We want to give some background on the dispute surrounding Gamezone’s Kickstarter campaign to launch a remake of the hybrid board game/roleplaying game originally published by Milton Bradley called “Heroquest”.
Last week, Moon Design petitioned Kickstarter to remove the crowdfunding campaign for Gamezone’s “Heroquest” game. “Heroquest” is the registered US trademark of Moon Design and is the name of our “Heroquest” roleplaying game and assorted products. To allow a game using the same name to be promoted in the United States through Kickstarter without a license would be an unacceptable dilution of our brand and create market confusion to our detriment.
The trademark “Heroquest” is registered by Francis Greg Stafford with the United States Patent and Trademark Office (Registration Number 4082281) for use in game book manuals. Moon Design Publications LLC has the exclusive license for use of that trademark. For some time now we have been working on creating a board game called “Heroquest” pertaining to the mythology of Glorantha and an updated version of our Heroquest roleplaying game.
The project by Gamezone, a Spanish game company, proposes to remake a role-playing/board game originally produced by Milton Bradley and Games Workshop in 1989. The project calls their game “Heroquest” which is identical to our registered mark and easily confused with it.
Gamezone initially asked us for use of the Heroquest trademark on July 31, 2013. The next day we asked them if they could provide us with a copy of any written agreement with Hasbro to produce a 25th Anniversary Edition of Hasbro’s board game. Gamezone did not provide us with any written confirmation (and as of this date still has not done so). On August 26, 2013, we informed Gamezone by email that we must decline their request.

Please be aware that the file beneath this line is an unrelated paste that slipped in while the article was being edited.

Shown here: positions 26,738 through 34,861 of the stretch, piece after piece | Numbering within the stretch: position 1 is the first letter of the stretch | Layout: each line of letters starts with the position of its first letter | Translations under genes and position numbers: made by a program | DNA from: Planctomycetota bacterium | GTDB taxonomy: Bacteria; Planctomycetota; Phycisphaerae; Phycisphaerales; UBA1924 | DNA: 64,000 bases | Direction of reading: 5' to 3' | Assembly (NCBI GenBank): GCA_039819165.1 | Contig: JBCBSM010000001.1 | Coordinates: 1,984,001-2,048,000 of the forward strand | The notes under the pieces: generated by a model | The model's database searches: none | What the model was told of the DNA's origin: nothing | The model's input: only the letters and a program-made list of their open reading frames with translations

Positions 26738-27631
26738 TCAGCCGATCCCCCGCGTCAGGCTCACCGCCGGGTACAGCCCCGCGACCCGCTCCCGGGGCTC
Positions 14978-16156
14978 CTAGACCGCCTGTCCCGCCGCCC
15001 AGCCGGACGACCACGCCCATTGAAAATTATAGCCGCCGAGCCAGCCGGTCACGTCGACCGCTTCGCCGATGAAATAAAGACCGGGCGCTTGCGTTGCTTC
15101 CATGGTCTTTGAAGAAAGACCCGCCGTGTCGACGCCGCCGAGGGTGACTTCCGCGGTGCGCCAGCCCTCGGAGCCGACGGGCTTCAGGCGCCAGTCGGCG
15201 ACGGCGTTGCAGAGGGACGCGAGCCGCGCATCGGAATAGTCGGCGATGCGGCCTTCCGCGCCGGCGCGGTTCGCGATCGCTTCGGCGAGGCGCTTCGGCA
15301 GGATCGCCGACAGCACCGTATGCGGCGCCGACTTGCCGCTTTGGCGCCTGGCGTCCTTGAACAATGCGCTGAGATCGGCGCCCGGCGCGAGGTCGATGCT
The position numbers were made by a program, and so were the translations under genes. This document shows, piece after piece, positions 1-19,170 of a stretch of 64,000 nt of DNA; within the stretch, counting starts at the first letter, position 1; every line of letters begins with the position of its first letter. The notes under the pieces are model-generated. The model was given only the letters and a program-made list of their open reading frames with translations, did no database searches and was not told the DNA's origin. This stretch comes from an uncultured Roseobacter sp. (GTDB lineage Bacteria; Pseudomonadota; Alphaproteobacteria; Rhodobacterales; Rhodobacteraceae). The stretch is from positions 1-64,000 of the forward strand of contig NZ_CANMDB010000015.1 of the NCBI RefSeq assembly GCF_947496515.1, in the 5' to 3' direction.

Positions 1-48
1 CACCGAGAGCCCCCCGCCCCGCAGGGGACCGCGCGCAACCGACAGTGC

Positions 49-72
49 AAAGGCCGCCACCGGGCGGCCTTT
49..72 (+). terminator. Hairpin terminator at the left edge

Despite being explicitly refused permission to use our trademark, Gamezone went ahead and launched this Kickstarter. As a New York State corporation, Kickstarter is subject to US trademark laws and the use of our trademark in the campaign was a violation of those laws.We told Gamezone that they needed to immediately get a licensing agreement from us (which, among other things, would require that they pay us for the rights to the name since it would mean foregoing our opportunity to release our game using our trademark and to compensate us for that lost revenue).
Gamezone did not get back to us within the period we set, and rather than have this end up in litigation (which could also bring in other parties with IP at stake), we asked Kickstarter to suspend the campaign. We then spoke to Gamezone informing them that we had certain non-negotiable demands for any license agreement, among them a statement that Gamezone has explicit permission from Hasbro to make this game based on their IP. Gamezone has assured us that they can get such permission, but until we see confirmation, we cannot responsibly license our trademark to be used in this Kickstarter campaign.
We sympathize with the fans of the Milton Bradley game who enthusiastically supported this project. We strongly support Kickstarter and the revitalization of old games with a loyal following. However, such activities must be done with the consent of the trademark holder and of any other legal owners of the property.